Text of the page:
You’re locked in a room with nothing but a pencil, a math compass, and paper. You do not have a straightedge. Your captors have informed you that you cannot leave until you construct (the endpoints of) a line segment of length $\sqrt{7}$.

What do you do?

  • 3
    $\begingroup$ Is this a puzzle you created, and do you know of a solution? $\endgroup$
    – user46002
    Mar 8, 2019 at 3:25
  • 12
    $\begingroup$ Presumably you have access to something of length 1? $\endgroup$
    – Dr Xorile
    Mar 8, 2019 at 3:55
  • 4
    $\begingroup$ I see three VTCs saying this looks like a math textbook problem rather than a geometry puzzle. Since anti-VTCs (or would they be VTNCs?) don't exist, I'm logging my differing opinion here: Constructing numbers by limited means is the fundamental form of all geometry puzzles, and this question definitely should not be closed on those grounds. $\endgroup$
    – Bass
    Mar 8, 2019 at 9:32
  • 2
    $\begingroup$ Seeing as I define the coordinate system, I'll draw two dots as endpoints and declare it's length to be root(7). Perhaps OP would like to define a base unit? $\endgroup$ Mar 8, 2019 at 13:08

2 Answers 2


Suppose you can set your pair of compasses to length 1. Then

draw a unit circle. Mark a point on the circumference. Step off 6 points with the compasses around the circumference. Take 1 of those points as the center for another circle and repeat. In this way you can mark off straight lines from the center of the original circle of any integer length. These can radiate out at $k.60°$ from each other. Suppose the lengths are $a$ and $b$.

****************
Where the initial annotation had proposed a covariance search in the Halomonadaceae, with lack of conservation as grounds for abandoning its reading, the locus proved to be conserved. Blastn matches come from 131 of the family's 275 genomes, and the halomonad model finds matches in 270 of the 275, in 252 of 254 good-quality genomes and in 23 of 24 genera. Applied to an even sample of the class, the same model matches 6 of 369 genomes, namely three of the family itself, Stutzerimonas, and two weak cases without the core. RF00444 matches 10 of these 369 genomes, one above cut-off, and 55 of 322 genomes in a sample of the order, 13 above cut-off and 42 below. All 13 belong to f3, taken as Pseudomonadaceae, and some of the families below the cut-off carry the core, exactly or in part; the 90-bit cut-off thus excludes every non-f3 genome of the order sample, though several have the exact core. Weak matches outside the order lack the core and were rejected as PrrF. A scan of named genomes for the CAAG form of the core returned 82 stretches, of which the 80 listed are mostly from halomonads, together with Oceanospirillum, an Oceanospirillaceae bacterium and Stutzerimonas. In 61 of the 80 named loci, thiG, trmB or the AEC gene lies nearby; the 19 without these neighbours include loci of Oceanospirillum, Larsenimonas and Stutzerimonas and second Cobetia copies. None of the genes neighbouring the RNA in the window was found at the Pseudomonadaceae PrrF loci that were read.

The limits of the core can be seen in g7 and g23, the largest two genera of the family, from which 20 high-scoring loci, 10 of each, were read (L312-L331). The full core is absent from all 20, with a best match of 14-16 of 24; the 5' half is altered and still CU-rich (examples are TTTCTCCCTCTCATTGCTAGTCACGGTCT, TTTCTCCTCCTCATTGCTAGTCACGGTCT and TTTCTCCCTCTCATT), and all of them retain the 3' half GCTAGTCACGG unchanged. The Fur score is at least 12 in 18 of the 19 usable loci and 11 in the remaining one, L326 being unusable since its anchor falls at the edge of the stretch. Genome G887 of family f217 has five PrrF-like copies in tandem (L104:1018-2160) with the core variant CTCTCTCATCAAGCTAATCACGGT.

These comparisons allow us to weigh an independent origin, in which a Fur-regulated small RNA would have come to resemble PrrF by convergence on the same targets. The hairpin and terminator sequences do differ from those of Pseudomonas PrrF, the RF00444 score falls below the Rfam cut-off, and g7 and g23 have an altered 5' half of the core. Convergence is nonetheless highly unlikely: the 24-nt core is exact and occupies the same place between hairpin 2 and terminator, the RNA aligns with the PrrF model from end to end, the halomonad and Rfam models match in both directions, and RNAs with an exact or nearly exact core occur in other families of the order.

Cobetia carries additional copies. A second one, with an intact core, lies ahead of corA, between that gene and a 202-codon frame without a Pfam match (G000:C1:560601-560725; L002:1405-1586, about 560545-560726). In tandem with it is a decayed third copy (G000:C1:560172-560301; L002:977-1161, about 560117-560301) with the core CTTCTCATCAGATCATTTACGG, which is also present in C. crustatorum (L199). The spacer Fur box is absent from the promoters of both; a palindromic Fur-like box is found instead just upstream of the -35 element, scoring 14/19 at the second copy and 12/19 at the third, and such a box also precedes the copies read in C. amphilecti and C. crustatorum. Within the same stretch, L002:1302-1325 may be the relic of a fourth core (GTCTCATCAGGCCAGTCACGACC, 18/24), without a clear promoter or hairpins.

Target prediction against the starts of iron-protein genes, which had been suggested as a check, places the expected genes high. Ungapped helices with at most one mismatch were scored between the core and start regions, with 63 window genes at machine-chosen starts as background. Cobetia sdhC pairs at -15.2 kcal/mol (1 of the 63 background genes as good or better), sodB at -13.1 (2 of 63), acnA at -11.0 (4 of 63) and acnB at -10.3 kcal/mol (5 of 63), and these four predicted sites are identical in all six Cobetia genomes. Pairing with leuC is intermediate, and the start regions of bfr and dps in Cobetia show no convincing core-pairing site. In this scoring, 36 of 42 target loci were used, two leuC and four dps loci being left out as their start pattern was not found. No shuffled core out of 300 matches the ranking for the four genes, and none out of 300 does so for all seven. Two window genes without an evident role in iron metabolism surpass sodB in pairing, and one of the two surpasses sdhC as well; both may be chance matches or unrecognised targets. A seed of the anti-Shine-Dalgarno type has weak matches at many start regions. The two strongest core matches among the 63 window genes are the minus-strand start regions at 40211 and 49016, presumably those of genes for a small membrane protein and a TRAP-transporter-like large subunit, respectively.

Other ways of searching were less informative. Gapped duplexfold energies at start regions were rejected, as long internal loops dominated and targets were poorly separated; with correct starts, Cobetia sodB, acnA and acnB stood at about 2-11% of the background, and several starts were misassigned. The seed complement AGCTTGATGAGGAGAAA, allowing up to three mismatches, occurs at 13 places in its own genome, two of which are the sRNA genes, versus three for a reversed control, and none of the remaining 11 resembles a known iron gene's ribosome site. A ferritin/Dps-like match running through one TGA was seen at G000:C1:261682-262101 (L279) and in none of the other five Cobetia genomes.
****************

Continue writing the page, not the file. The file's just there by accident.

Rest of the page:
Then we know that the length of the line that would join those two points is

$\sqrt{a^2+b^2-ab}$. It could also be $+ab$ by taking 120°. Anyway, there's a bunch of solutions. Such as $a=3$ and $b=2$.

The simplest construction would use:

Just two circles. Here we use that $a=2$, $b=1$ and 120° gives us $\sqrt{7}$. construction

  • $\begingroup$ Simpler than my own solution. Nice! $\endgroup$ Mar 27, 2019 at 14:31
  • $\begingroup$ Neat puzzle. Quite surprising $\endgroup$
    – Dr Xorile
    Mar 29, 2019 at 1:00

Edited: added a drawing for the first step.
Edited again: Dr Xorile very clever solution eliminates the second step.

You can solve the problem in two steps. First construct points on a line that correspond to integer length 1, 2, 3, 4, .... This part is easily done by repeatedly constructing vertices of a regular hexagon. On the drawing below AB is a unit segment. Then A is 0, B is 1, E is 2, G is 3, etc

enter image description here
The second step is constructing the solution - a segment X which is a geometric mean of 1 and 7. This is done by a well known elegant method described in https://www.cut-the-knot.org/pythagoras/fastGM.shtml

In fact, as Dr Xorile pointed out in his very clever solution, no second step is necessary - segment HG is already a solution. Its length is $\sqrt{7}$

  • $\begingroup$ Incorporated @Dr Xorile very clever observation into the drawing. All the credit belongs to his solution! $\endgroup$
    – ppgdev
    Mar 8, 2019 at 5:46

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